Unfold your potential

How to become true thinkers from yea-sayers

Is it the case that no matter what you say your team is always nodding? Then you could be surrounded by typical yea-sayers. But unproductive servitude and the fear of rejection impede company success. Social worker Martin Bergmann explains how to create an appreciative work environment in which employees become wise co-workers and thinkers.

Many employees are too insecure to express their opinions openly. Social worker Martin Bergmann explains how to create the right conditions to unfold the potential of your team.

Oh yes, the yea-sayer. They say yes to all. They signal their consent by silence. Do you have comparable employees in your team? People who simply refuse to think critically about the current project? Then it is high time that you take care and support the yea-sayer energetically, to develop themselves to become self-determined, thoughtful and cohesive members of the team.

The Yea-sayer

Martin Bergmann, consultant and social pedagogue, knows how to turn a yea-sayer into a thought leader.

In the working world, you recognize a yea-sayer above all by his/her silence. Martin Bergmann, social pedagogue and managing director of Improwe Consulting, explains: “The yea-sayer is silent on many topics, since silence is often interpreted as consent. Identify a ‘yea-sayer’ in the team by reflecting on your work relationships. Are there people with whom you almost never discuss controversial topics? People you like to go to when searching for confirmation? Or people who find it very difficult to make their own decisions? These can be indications that people are afraid of their own positioning and are more comfortable following the ways of others.”

Why do employees become yea-sayers?

Whenever an employee learns that they are successful with a certain behavior, they use it. Success can be in this context: “This is how I get the greatest recognition of my leadership“, or “I expend little effort and don’t engage in debate throughout the day”. Yay-sayers flourish, however, in the right environment – with a boss who can neither deal with contradiction, nor with criticism and nay-sayers.

Promote thinking!

So be a good example of leadership. Help your team members by giving them clear rules and directions on the one hand, but on the other hand giving them enough space. Martin Bergmann demonstrates this by a concrete example. “The employee asks, ‘Hey, boss, should I tackle task A and B now?’

You now offer the counter, “Good question. Which factors play an important role here in our decision?” This will immediately promote an exchange of ideas between the employee and boss.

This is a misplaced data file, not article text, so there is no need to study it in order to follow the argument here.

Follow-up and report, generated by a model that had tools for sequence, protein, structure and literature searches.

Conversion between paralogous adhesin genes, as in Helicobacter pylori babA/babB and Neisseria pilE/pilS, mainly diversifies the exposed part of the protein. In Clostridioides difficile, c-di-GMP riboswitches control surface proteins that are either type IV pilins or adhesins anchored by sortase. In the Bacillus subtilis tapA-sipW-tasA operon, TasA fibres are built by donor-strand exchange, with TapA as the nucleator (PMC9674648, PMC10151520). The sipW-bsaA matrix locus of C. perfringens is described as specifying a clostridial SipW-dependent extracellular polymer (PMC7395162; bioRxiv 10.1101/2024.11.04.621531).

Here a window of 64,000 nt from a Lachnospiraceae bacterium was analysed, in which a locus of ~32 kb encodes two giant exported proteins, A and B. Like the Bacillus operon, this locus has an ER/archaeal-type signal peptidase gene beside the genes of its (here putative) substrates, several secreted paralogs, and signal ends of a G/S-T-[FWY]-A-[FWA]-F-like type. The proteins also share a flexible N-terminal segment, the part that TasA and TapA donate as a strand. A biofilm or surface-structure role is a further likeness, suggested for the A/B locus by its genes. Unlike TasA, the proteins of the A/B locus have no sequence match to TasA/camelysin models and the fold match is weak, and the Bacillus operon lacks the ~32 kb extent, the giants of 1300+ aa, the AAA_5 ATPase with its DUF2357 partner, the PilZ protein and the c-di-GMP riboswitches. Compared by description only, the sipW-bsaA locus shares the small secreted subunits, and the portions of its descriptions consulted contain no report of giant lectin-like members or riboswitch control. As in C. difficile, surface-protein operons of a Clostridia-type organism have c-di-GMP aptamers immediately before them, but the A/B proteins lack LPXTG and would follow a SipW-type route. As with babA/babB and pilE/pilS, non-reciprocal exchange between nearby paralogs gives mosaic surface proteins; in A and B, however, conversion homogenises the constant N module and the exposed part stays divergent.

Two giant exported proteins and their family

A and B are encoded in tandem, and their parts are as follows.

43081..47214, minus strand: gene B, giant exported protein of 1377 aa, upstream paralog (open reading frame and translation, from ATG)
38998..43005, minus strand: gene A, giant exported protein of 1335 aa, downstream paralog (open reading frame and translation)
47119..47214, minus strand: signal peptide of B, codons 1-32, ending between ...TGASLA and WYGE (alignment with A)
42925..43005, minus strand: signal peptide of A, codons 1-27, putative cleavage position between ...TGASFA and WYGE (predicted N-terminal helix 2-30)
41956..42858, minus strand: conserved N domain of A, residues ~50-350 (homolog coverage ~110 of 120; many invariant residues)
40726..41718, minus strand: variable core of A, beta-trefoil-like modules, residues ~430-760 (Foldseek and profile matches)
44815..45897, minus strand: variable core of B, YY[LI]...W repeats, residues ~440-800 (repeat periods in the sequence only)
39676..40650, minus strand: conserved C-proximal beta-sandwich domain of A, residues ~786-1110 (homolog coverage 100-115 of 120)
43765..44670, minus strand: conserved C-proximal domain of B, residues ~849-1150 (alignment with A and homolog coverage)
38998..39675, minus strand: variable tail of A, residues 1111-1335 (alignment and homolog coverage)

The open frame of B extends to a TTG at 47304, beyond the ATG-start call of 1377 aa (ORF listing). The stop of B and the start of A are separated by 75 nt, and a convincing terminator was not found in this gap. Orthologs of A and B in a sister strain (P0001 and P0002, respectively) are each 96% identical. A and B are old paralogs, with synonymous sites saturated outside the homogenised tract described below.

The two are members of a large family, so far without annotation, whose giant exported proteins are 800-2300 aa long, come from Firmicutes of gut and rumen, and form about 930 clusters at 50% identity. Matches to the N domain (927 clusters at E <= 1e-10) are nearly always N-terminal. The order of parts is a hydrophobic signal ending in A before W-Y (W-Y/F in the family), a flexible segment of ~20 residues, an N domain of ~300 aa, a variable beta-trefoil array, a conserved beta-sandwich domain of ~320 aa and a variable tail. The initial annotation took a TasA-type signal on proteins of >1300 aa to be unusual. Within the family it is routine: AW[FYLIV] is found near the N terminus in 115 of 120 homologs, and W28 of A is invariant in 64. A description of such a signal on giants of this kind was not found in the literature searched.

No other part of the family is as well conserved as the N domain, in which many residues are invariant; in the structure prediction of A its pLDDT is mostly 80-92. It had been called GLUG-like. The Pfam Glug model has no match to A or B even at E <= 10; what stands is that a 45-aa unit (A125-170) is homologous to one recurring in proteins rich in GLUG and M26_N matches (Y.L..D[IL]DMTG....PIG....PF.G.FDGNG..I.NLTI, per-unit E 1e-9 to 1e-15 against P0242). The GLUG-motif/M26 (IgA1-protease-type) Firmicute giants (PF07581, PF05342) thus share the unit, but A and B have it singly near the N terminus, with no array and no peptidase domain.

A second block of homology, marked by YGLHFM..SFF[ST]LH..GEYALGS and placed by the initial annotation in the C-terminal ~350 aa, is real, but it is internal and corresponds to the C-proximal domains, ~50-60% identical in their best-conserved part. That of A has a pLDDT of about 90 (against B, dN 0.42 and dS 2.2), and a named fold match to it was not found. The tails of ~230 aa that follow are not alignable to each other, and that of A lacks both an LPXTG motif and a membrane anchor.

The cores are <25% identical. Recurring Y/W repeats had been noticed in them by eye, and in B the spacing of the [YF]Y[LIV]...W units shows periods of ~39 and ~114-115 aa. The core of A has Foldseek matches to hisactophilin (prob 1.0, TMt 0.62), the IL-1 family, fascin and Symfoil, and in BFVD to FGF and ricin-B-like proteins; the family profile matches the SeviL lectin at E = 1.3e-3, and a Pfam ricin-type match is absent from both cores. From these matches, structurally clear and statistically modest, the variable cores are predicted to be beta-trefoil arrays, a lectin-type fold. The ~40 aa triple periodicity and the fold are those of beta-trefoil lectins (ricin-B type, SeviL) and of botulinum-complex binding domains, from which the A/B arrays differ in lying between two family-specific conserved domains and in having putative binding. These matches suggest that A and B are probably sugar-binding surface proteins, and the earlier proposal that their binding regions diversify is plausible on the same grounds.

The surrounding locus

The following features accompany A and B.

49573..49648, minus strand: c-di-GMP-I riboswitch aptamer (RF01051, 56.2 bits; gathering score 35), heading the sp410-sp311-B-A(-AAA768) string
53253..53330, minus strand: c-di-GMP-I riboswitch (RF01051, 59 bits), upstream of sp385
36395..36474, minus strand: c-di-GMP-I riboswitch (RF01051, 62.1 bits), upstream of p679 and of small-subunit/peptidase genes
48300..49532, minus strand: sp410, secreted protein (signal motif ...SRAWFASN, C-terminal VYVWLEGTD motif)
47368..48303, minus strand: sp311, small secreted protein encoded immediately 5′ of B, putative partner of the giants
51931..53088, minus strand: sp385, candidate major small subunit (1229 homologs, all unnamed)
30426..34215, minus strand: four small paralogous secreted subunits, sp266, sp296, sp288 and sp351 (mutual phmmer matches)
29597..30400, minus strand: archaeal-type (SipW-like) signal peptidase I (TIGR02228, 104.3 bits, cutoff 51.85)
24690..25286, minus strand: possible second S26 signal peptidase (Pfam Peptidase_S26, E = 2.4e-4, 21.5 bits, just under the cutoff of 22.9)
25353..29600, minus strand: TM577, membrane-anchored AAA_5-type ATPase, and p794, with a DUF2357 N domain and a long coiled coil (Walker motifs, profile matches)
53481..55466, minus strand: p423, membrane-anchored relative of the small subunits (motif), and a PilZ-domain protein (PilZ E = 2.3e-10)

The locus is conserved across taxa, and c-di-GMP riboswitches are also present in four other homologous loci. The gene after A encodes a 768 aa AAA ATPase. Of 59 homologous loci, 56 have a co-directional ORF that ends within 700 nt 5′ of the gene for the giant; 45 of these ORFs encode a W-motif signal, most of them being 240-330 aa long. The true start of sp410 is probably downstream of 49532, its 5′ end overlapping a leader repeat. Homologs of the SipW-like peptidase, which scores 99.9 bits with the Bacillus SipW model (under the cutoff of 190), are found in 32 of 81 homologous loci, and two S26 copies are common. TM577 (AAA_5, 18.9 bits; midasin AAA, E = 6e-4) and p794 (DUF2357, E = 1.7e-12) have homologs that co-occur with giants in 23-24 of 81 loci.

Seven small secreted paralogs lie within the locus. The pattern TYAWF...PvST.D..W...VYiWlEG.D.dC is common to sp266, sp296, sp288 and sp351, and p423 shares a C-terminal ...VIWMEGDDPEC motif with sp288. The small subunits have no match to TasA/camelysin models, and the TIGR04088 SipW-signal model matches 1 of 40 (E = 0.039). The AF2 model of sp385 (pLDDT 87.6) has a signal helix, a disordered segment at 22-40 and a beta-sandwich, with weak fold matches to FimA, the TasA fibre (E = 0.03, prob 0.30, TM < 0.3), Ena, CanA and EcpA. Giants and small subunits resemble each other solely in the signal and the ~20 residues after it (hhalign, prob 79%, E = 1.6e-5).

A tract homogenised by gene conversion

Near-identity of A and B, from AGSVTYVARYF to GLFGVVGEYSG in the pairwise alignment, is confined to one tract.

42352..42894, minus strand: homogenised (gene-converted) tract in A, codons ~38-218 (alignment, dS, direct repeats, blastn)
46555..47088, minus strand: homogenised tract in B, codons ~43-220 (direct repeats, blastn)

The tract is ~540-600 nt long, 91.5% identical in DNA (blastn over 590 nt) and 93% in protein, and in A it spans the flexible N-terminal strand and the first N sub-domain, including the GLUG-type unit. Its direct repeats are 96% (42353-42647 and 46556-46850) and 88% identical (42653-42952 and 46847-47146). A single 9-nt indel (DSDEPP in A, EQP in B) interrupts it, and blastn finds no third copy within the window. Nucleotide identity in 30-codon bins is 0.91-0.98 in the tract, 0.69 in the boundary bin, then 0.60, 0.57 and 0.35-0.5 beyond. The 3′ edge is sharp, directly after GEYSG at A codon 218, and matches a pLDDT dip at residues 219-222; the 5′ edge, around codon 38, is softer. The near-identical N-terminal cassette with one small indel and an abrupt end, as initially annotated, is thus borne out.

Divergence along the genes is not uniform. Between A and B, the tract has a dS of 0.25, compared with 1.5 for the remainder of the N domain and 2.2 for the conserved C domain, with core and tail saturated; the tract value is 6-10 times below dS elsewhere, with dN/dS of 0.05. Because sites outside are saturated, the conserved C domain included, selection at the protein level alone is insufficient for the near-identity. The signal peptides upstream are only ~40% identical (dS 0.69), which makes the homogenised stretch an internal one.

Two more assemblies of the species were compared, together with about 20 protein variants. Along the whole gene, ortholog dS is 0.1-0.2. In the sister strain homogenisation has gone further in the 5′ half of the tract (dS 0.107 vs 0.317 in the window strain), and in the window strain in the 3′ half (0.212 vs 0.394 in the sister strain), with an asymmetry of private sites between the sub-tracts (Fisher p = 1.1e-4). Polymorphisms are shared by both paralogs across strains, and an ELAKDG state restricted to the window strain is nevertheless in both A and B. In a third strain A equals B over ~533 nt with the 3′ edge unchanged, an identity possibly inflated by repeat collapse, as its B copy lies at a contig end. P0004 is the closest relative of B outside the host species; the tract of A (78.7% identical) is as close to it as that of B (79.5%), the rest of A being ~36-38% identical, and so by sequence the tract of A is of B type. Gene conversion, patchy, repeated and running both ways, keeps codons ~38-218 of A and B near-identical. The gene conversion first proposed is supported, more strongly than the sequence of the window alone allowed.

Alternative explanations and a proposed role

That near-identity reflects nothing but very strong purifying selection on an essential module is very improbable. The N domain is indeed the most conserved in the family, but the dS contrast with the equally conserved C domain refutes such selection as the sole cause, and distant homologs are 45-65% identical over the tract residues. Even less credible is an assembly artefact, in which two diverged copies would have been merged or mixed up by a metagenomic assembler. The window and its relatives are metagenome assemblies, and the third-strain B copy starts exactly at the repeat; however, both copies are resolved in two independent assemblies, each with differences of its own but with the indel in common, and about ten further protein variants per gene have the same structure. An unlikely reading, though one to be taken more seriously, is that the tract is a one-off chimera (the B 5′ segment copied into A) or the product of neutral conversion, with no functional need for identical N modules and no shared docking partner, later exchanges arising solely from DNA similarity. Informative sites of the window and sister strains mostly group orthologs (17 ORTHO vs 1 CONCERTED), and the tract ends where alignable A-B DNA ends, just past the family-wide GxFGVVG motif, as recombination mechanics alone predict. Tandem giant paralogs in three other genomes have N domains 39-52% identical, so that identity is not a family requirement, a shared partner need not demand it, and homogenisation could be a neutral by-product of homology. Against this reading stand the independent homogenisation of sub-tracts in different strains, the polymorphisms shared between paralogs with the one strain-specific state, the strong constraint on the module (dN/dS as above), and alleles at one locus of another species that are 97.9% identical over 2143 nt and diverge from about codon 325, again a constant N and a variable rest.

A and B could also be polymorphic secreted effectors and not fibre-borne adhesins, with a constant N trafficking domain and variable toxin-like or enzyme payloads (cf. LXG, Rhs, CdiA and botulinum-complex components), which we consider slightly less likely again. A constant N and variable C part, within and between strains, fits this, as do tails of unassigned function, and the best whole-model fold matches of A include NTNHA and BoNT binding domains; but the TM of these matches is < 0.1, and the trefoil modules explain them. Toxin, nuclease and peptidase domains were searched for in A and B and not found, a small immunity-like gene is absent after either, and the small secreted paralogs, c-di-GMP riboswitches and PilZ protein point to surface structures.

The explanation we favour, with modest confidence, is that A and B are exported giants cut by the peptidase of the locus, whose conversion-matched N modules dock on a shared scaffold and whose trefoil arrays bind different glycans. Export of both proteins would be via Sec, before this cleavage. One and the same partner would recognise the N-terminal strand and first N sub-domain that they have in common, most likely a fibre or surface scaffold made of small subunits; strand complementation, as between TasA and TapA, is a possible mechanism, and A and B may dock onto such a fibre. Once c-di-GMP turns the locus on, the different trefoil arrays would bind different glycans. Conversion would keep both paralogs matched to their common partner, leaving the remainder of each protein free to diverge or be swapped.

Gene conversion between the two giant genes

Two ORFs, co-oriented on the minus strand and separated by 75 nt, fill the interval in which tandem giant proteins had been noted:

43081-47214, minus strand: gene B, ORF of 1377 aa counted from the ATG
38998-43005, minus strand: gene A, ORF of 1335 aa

As a leader, you should place emphasis on constructive criticism from the mouths of your employees. “Challenge them actively, be an example, place feedback on the agenda, conduct regular reflections,” says expert Bergmann. If you are appreciative in your communication, an atmosphere of positive development is automatically created.

Let it rain – and then start the harvest!

A constructive criticism culture guarantees further development at all levels. “Only in a climate with lots of precipitation and variety do diverse solutions to complex problems develop,” explains Martin Bergmann. “Even in special circumstances every company, every team, everyone benefits from constructive criticism. Irrespective of whether it is a #dieselgate, new team members or personal life circumstances. If one knows how to address problems with constructive communication, and takes their well-being into their own hands, then one realizes in which direction they have to paddle.”

Further tips from Martin Bergmann to promote independent thought amongst employees:

  • Organize dedicated responsibilities for employees. This enables you to have productive consultations with colleagues.
  • Ask for input! Don’t wait until someone has the courage to formulate their own thoughts and speak up.
  • Talk to your employees. Please ask questions, but then wait. Even if you feel that the break between question and answer is too long – wait longer! Because if you give the answer yourself, your coworker only learns one thing: If I remain silent long enough, I don’t have to say anything!

About the author

Jörg Peter Urbach is the author, editor and blogger of Sprachleidenschaft. He has been writing for more than 25 years, for print and online. Concepts. Stories. Journal articles. After studying musicology and German language and literature, Jörg Peter worked as an editorial manager in the classical music business. As long-time chief editor of the portal wissen.de, he knows how to inspire readers with clever topics.

If the native Kieler is not writing, he is walking through the Alps. Or listening to the opera. With mindfulness.

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